We are grateful to Rebeca López-García for the revision of the English version of this manuscript. The authors also thanks G. E. Cortés, M. M. Aguilar, J. D. Vázquez and M. C. Martínez for computer support. J.E.B-L. acknowledges DGTIC-UNAM for the computer time (project: LANCAD-UNAM-DGTIC-304) and DGAPA-UNAM (project: IA201316) for the financial support. G.C. acknowledges CONACYT (284923), DGAPA-UNAM (IN209416) and DGTIC-UNAM (SC14-1-I-70).

References

  1. Fischer, N. H. Sesquiterpene Lactones: Biogenesis and Biomimetic Transformations. In Biochemistry of the Mevalonic Acid Pathway to Terpenoids; Towers, G. H. N.; Stafford, H. A., Eds.; Springer US: Boston, MA, 1990; pp 161–201. doi:10.1007/978-1-4684-8789-3_4
    Return to citation in text: [1]
  2. Adio, A. M. Tetrahedron 2009, 65, 1533. doi:10.1016/j.tet.2008.11.050
    Return to citation in text: [1] [2] [3]
  3. Minnaard, A. J.; Wijnberg, J. B. P. A.; de Groot, A. Tetrahedron 1999, 55, 2115. doi:10.1016/S0040-4020(99)00025-3
    Return to citation in text: [1]
  4. Bülow, N.; König, W. A. Phytochemistry 2000, 55, 141. doi:10.1016/S0031-9422(00)00266-1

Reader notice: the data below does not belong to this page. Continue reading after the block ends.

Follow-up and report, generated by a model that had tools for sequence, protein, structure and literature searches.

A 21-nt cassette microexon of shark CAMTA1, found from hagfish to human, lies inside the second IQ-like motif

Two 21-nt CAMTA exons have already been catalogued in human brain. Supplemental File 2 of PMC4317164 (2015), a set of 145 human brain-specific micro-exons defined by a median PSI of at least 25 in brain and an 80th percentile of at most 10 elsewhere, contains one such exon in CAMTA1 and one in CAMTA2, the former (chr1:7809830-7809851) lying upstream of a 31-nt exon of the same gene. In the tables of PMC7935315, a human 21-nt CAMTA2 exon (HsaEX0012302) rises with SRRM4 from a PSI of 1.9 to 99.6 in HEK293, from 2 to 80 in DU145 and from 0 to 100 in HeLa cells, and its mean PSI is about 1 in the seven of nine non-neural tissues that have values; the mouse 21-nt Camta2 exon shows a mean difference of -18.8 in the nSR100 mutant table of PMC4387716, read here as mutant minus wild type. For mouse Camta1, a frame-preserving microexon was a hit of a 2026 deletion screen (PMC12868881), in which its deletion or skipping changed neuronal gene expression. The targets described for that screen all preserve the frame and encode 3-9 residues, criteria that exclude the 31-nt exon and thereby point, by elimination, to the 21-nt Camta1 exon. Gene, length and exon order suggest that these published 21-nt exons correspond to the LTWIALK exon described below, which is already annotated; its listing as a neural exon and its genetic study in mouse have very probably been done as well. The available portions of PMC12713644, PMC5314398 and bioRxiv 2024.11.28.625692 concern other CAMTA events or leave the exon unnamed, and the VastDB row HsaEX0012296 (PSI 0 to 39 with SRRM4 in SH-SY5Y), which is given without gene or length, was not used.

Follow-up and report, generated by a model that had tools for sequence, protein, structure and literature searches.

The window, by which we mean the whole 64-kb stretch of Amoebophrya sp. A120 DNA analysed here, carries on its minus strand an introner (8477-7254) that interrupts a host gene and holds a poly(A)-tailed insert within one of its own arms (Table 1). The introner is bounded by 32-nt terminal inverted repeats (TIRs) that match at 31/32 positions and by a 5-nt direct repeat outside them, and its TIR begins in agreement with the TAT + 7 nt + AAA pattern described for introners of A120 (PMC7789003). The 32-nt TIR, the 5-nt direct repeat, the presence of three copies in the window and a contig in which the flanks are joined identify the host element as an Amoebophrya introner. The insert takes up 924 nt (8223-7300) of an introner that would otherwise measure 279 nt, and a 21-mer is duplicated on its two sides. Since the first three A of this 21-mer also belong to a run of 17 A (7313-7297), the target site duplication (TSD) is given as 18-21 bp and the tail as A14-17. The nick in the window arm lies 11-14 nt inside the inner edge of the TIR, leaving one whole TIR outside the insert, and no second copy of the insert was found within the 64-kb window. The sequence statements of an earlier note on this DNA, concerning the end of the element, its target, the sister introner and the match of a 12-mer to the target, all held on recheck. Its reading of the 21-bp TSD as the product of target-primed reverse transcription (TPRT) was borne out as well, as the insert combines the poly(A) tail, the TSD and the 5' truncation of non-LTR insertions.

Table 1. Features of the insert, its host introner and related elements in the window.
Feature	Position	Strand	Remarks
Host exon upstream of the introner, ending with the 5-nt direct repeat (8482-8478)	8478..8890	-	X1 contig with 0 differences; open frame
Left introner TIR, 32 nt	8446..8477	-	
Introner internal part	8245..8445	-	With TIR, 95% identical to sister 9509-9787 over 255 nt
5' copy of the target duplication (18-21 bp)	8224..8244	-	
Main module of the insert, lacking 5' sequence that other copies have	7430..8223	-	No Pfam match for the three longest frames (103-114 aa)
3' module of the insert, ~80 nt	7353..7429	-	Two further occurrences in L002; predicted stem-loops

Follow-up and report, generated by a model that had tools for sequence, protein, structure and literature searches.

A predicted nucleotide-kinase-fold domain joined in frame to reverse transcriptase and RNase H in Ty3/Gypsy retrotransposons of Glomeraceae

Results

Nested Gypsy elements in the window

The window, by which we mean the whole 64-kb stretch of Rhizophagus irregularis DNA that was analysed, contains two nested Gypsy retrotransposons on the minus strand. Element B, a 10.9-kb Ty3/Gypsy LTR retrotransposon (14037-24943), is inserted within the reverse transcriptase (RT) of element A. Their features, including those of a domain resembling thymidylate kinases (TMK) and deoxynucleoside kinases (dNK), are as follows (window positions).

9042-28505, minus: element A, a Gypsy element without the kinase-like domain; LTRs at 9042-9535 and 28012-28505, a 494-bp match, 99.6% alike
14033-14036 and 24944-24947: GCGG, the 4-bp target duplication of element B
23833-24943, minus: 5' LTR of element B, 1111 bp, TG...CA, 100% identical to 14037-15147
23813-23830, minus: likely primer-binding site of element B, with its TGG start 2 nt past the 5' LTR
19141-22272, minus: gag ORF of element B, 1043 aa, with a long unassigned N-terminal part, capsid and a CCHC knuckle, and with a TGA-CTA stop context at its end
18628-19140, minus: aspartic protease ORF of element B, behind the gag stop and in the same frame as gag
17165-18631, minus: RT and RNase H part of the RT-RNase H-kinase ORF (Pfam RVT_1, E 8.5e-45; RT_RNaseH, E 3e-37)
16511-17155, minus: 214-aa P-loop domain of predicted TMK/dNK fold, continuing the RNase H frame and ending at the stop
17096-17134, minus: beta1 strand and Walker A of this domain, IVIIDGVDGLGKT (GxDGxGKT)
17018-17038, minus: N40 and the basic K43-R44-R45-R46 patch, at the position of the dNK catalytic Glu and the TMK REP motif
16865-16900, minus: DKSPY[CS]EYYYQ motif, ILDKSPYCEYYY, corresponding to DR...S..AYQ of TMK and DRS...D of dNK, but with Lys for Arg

Return to citation in text: [1]
  5. de Kraker, J.-W.; Franssen, M. C. R.; de Groot, A.; Shibata, T.; Bouwmeester, H. J. Phytochemistry 2001, 58, 481. doi:10.1016/S0031-9422(01)00291-6
    Return to citation in text: [1] [2]
  6. Geissmann, T. A.; Saitoh, T.; Waddell, T. G.; Herz, W.; Bhat, S. V. Rev. Latinoam. Quim. 1971, 2, 69.
    Return to citation in text: [1]
  7. Hackl, T.; König, W. A.; Muhle, H. Phytochemistry 2004, 65, 2261. doi:10.1016/j.phytochem.2004.05.024
    Return to citation in text: [1] [2]
  8. Rosselli, S.; Maggio, A.; Raccuglia, R. A.; Bruno, M. Eur. J. Org. Chem. 2003, 2690. doi:10.1002/ejoc.200300161
    Return to citation in text: [1] [2]
  9. Evans, D. A.; Nelson, J. V. J. Am. Chem. Soc. 1980, 102, 774. doi:10.1021/ja00522a056
    Return to citation in text: [1]
  10. Goldstein, M. J.; Benzon, M. S. J. Am. Chem. Soc. 1972, 94, 7147. doi:10.1021/ja00775a046
    Return to citation in text: [1] [2]
  11. Houk, K. N.; Gustafson, S. M.; Black, K. A. J. Am. Chem. Soc. 1992, 114, 8565. doi:10.1021/ja00048a032
    Return to citation in text: [1]
  12. Jiao, H.; von Ragué Schleyer, P. Angew. Chem., Int. Ed. Engl. 1995, 34, 334. doi:10.1002/anie.199503341
    Return to citation in text: [1]
  13. Staroverov, V. N.; Davidson, E. R. J. Am. Chem. Soc. 2000, 122, 186. doi:10.1021/ja993375x
    Return to citation in text: [1] [2]
  14. de Kraker, J.-W.; Franssen, M. C. R.; de Groot, A.; König, W. A.; Bouwmeester, H. J. Plant Physiol. 1998, 117, 1381. doi:10.1104/pp.117.4.1381
    Return to citation in text: [1]